"About the nature of the described lesions it can be asserted that they are a pathological product, on the origin of which, the following hypotheses are possible:

 

a)    They might have been artificially and voluntarily produced;

b)   They might be the outcome of a morbid state;

c)    They might be in part the outcome of a morbid state, and in part artificial.

 

I definitely can’t support the first hypothesis, especially lacking a direct proof….  The impression of sincerity that Padre Pio gives me, keeps me definitively from thinking of simulation.

 

The second hypothesis is, at least partially, reliable. The pathologists know about the “multiple neurotic necrosis of the skin” and the “hemato hydrosis” in the recent book of Cassirer, and in many other works.

The alterations in the hands of Padre Pio are nothing else that the result of a superficial necrosis of the epidermis, and maybe of the more external parts of the derma, and can be classified with the above mentioned neurotic necrosis.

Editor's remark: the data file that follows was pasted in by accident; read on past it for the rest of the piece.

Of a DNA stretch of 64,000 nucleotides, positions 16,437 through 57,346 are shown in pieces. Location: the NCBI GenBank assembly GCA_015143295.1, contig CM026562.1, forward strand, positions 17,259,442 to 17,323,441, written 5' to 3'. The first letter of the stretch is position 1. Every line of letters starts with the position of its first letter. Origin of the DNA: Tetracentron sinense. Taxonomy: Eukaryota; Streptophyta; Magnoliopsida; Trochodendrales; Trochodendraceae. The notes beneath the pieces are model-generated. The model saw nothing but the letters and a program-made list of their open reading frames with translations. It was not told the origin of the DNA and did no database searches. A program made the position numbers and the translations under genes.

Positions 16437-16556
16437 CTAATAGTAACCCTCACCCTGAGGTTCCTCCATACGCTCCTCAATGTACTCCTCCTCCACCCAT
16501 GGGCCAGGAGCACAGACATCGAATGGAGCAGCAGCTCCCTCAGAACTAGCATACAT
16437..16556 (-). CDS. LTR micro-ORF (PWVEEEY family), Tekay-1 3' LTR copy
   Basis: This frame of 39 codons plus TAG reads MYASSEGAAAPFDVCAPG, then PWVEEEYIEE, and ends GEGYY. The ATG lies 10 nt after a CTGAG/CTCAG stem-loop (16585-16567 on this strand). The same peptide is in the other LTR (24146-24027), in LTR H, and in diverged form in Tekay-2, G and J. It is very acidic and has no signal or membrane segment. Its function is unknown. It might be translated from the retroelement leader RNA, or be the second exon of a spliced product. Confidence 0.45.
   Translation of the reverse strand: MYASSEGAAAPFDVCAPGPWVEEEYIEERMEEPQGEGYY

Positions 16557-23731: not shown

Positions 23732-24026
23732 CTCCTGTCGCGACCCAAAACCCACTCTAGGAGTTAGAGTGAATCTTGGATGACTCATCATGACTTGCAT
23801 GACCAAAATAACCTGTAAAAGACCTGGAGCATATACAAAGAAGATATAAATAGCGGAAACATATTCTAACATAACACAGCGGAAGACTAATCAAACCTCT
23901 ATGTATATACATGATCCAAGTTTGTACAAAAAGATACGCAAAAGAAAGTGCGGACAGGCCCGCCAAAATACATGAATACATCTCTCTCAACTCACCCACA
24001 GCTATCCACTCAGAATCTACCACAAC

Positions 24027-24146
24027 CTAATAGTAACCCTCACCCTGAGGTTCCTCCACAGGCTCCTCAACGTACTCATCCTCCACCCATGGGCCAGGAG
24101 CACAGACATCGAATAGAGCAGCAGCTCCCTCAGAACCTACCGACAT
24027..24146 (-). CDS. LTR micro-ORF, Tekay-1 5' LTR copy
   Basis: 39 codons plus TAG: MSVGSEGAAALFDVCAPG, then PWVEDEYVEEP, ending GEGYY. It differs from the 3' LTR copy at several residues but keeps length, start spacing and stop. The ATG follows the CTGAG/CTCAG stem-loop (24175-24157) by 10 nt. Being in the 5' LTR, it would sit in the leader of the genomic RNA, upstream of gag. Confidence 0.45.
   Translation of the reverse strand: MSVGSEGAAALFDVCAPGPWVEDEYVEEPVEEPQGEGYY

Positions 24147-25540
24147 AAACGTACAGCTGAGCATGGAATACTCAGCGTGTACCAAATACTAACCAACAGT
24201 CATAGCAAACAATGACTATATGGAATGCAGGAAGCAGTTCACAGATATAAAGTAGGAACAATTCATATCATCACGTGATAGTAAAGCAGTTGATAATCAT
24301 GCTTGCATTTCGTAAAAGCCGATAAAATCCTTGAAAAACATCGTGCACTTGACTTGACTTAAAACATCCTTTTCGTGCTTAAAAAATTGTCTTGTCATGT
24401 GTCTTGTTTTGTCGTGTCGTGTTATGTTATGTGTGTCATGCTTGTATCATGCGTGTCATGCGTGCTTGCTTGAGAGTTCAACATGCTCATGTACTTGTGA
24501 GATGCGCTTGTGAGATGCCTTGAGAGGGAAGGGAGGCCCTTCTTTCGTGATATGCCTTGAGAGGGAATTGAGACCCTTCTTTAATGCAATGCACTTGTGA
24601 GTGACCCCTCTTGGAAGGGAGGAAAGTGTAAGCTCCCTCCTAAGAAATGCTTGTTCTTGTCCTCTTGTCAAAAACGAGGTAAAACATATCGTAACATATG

What cannot be explained by what we know about the neurotic necrosis is the perfectly symmetrical localization of the described lesions, and their persistence without noticeable changes, as the patient states.

 

But these facts, in my opinion, can have a satisfactory explanation with the third above mentioned hypothesis. In fact we can assume that the lesions started as a pathological product (multiple neurotic necrosis of the skin), than, maybe unconsciously and by suggestion, completed in their symmetry and kept artificially by chemical means, such the iodine.